A call is being made to ban greyhound racing in New Zealand following a report revealing 353 dogs were killed during the last season.
Greyhound Racing New Zealand said in its 2018 annual report released this week that the 353 dogs were euthanised after failing to be rehomed.
Chief executive Mauro Barsi said the group was working hard to reduce this figure and was pleased to say that rehoming had increased by 25 per cent to 517 dogs last season.
But animal welfare advocacy group SAFE said this was a "damning indictment" on the industry.
"353 greyhounds killed is totally unacceptable," said SAFE head of campaigns Marianne MacDonald.
"The report states that they have tried everything they can but they still put hundreds of dogs down.
"This has been a problem all along, and after many years of reforms they still can't get their breeding down to a level that stops them from killing unwanted greyhounds."
Last year, an independent review commissioned by the NZ Racing Board and conducted by former High Court Judge Rodney Hansen QC made numerous recommendations to improve the welfare of racing greyhounds.
These included better kennel inspections, dog tracking, dog rehoming, stricter enforcement of dog health and welfare, and approvals regime before a dog could be euthanised.
Racing Minister Winston Peters said at the time that the report was deeply disturbing and "simply unacceptable".
Macdonald said the industry was killing almost a dog a day for entertainment and gambling profits, and that this was a "black stain" on NZ's reputation.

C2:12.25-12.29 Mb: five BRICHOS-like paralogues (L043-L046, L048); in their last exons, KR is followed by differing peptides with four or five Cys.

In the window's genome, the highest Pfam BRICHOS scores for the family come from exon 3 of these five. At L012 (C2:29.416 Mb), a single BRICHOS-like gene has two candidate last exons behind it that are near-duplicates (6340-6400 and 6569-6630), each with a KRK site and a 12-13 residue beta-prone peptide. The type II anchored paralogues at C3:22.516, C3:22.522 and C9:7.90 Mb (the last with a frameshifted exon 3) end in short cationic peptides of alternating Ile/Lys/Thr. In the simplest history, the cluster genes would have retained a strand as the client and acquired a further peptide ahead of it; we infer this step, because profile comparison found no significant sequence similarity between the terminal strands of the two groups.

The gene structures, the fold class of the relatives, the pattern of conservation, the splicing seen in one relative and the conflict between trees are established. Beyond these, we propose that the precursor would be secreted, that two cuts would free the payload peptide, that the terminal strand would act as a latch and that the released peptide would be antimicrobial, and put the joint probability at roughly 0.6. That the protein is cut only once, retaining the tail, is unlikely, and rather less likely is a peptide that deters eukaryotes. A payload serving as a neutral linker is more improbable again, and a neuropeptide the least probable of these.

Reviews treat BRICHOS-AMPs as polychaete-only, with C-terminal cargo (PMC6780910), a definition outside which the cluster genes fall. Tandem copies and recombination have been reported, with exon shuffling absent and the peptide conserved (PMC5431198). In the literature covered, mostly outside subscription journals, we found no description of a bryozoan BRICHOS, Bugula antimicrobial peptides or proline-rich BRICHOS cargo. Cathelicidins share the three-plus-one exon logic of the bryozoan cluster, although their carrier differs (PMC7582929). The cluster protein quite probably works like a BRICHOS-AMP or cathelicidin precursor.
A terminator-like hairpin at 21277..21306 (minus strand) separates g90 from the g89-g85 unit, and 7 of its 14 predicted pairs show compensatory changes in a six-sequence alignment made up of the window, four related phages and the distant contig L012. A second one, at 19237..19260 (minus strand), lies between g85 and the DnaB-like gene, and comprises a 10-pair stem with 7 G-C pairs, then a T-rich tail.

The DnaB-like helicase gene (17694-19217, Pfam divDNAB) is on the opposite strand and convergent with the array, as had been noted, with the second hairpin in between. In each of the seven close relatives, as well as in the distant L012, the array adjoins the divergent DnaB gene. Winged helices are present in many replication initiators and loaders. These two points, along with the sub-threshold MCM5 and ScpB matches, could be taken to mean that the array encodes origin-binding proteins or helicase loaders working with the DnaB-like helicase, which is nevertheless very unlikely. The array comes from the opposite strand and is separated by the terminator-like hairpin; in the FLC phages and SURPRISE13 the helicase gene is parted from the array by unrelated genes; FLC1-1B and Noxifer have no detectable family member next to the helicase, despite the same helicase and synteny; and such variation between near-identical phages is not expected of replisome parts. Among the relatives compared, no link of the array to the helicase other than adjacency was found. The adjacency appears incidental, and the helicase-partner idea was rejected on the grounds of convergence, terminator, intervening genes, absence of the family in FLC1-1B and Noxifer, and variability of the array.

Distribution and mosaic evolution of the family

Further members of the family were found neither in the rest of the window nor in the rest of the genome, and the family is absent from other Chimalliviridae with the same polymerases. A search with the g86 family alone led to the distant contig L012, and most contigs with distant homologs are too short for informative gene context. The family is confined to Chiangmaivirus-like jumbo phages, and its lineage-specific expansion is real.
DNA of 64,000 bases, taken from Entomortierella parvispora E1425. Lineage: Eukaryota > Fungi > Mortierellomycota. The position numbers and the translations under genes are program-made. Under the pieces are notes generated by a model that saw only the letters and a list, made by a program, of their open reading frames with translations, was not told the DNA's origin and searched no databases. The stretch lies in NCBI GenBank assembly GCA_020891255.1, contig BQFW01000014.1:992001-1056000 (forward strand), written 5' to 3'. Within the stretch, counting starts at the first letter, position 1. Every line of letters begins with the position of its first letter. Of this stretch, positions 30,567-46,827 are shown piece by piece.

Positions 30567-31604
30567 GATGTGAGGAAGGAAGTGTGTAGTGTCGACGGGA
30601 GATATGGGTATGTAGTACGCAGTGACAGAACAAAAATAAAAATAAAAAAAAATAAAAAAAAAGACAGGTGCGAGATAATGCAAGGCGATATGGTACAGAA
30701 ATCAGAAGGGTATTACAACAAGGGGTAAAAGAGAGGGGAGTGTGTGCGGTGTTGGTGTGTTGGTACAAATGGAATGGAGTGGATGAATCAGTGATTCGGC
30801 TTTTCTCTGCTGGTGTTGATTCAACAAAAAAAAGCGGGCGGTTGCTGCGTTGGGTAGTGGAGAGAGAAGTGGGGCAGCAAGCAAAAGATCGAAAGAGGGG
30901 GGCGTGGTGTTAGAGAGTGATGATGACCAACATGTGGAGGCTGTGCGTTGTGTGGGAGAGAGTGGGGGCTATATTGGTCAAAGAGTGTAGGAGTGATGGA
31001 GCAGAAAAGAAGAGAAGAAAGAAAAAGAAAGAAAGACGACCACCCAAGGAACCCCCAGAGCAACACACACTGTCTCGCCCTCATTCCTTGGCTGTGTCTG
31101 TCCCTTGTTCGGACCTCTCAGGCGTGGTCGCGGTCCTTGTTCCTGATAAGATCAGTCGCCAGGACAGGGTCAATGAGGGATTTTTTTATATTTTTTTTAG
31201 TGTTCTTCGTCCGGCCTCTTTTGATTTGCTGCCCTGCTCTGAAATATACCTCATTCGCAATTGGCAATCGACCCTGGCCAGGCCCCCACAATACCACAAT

"The industry is literally betting on these dog's lives," she said.
"This cruelty has been banned in the Australian Capital Territory and Florida, USA. New Zealand is falling behind and our Government needs to take action to protect these vulnerable dogs."
Barsi however said the welfare of dogs was of "paramount importance".
"GRNZ has deliberately taken the step of publishing it's rehoming and euthanasia figures this year as part of a wider project to modernise the industry and share more with the community," Barsi said.
"We are committed to implementing all the recommendations outlined in last year's independent greyhound welfare review including transparency of animals euthanized whether or not that is due to illness, old age or unsuitability for rehoming."
Barsi said there was an intensive programme of work planned for the coming year to further improve.
These include changes to rules around breeding to help achieve the right level of dogs to support the industry, but strikes the right balance with opportunities for rehoming, and the expansion of kennel facilities and working with more rehoming partners.
"Our primary focus for 2019 is on further improvement and showing the community the results of our efforts," Barsi added.